My latest heartbreak was when my daughter told me she and her wife were signing papers and starting the legal process for her to adopt her own daughter. Adopt her own daughter. Can you even imagine what that feels like? It shattered her to ask the courts to be the step-parent of her own daughter. The fear of her marriage being nullified in the coming years angered her, but they are taking steps to protect their child. This is the color of freedom and equality in this country.

When the calls come in from my network of friends and family, I always answer. I may not have the answers for their problems, but I listen and share my experience. I will always be their safe place to fall. For my nieces and nephews who lost their own parents, I will always do my best to be there for them. Always.

I have often felt my own grandmother’s heart was weak, but reflecting, I think it must be strong, because it has broken so many times throughout my lifetime. Thankfully the heart is resilient and recovers, growing stronger and more determined. It is from this pain and experience that wisdom is born.

Yes, there is so much beauty and goodness in the world. I try hard to see it and acknowledge it every day. But life is about balance and I cannot simply wear rose colored glasses and pretend the world is in step with me for it is not. I am stepping up and standing up to be part of the healing we all so desperately need.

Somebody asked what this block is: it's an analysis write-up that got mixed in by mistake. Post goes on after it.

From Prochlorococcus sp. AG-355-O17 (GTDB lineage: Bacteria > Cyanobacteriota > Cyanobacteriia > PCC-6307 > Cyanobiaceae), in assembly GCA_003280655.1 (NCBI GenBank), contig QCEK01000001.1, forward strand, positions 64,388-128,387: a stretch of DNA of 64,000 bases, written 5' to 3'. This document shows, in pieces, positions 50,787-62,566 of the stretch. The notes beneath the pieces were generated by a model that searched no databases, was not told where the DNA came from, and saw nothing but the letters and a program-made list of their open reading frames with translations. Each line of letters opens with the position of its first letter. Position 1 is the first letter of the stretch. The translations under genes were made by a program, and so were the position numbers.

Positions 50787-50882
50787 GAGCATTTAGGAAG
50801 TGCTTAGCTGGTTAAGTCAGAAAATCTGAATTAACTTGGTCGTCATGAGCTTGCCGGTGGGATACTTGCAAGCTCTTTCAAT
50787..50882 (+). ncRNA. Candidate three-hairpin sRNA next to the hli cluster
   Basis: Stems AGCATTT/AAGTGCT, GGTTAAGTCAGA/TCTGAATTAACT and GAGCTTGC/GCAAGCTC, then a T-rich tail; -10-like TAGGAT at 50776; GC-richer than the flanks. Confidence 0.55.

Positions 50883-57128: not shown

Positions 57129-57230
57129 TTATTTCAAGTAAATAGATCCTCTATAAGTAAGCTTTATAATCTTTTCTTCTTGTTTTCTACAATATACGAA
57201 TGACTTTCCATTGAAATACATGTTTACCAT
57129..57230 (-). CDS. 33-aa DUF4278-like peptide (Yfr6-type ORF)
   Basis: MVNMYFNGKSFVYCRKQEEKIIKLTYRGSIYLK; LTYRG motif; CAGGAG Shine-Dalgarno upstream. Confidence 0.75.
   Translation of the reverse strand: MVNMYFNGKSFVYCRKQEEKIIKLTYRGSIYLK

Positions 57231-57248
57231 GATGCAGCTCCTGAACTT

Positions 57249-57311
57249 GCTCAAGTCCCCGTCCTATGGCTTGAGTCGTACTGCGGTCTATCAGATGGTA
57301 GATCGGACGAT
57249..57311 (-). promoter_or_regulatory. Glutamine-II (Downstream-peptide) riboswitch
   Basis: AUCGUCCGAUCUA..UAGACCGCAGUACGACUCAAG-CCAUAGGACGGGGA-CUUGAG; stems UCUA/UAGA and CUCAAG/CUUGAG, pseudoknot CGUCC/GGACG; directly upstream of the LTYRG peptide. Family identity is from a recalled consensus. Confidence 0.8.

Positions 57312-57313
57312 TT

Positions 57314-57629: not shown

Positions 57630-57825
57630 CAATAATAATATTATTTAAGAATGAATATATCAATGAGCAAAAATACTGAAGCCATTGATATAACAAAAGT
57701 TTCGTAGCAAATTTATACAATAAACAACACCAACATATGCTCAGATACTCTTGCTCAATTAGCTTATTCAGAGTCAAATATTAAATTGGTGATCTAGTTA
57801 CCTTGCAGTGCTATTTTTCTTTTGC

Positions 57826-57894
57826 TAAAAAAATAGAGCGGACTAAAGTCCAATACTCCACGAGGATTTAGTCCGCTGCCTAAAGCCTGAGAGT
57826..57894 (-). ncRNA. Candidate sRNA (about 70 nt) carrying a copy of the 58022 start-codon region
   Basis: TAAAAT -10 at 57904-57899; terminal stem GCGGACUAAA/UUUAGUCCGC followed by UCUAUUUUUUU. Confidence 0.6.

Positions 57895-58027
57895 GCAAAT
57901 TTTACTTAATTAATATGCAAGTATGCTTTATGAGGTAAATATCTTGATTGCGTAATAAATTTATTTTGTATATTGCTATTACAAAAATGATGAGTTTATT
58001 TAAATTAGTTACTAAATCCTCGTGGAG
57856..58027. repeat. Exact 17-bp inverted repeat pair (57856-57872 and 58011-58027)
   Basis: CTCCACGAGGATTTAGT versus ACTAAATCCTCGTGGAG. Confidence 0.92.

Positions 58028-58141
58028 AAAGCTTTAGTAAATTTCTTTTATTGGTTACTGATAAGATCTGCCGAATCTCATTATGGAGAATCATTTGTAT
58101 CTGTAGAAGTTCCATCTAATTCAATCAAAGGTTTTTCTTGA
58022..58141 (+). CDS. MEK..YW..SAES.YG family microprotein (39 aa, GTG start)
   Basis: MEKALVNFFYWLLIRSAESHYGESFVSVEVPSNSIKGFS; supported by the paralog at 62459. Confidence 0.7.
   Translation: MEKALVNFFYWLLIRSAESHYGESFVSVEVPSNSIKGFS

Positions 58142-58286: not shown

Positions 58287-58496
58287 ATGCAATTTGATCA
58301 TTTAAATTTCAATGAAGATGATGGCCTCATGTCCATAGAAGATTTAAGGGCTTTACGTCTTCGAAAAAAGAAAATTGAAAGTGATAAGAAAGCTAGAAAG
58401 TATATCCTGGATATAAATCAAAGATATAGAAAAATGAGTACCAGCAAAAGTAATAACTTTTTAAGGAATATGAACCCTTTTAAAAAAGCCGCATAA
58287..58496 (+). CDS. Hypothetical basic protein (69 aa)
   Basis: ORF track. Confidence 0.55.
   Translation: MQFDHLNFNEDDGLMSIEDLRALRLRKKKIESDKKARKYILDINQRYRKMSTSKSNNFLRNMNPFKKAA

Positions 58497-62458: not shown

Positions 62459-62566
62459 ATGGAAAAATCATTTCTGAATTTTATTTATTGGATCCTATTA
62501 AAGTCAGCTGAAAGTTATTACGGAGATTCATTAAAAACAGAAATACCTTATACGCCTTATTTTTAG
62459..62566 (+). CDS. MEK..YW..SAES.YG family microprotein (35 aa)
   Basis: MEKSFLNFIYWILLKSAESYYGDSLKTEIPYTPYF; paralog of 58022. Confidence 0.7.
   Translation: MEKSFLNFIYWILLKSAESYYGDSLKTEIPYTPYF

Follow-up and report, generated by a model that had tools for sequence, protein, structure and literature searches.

This grandmother’s wisdom — look deep and acknowledge it within you. It is time for the healers to come forward. There is much work to be done. It is my hope more people will stand up and become part of the solution that truly provides equality for each of us. And when that call comes in, just pick up and do your best to listen.

It truly takes a village.


My Dad, Pulse and So Much More


I have felt heaviness today. Admittedly, I did not sleep well last night after taking a dose of Dramamine. I could feel the wooziness of vertigo sitting menacingly on the sidelines. I set my clock so we could walk this morning. I knew when the clock went off I did not get the medication out of my system. But there are other reasons for the heavy feelings.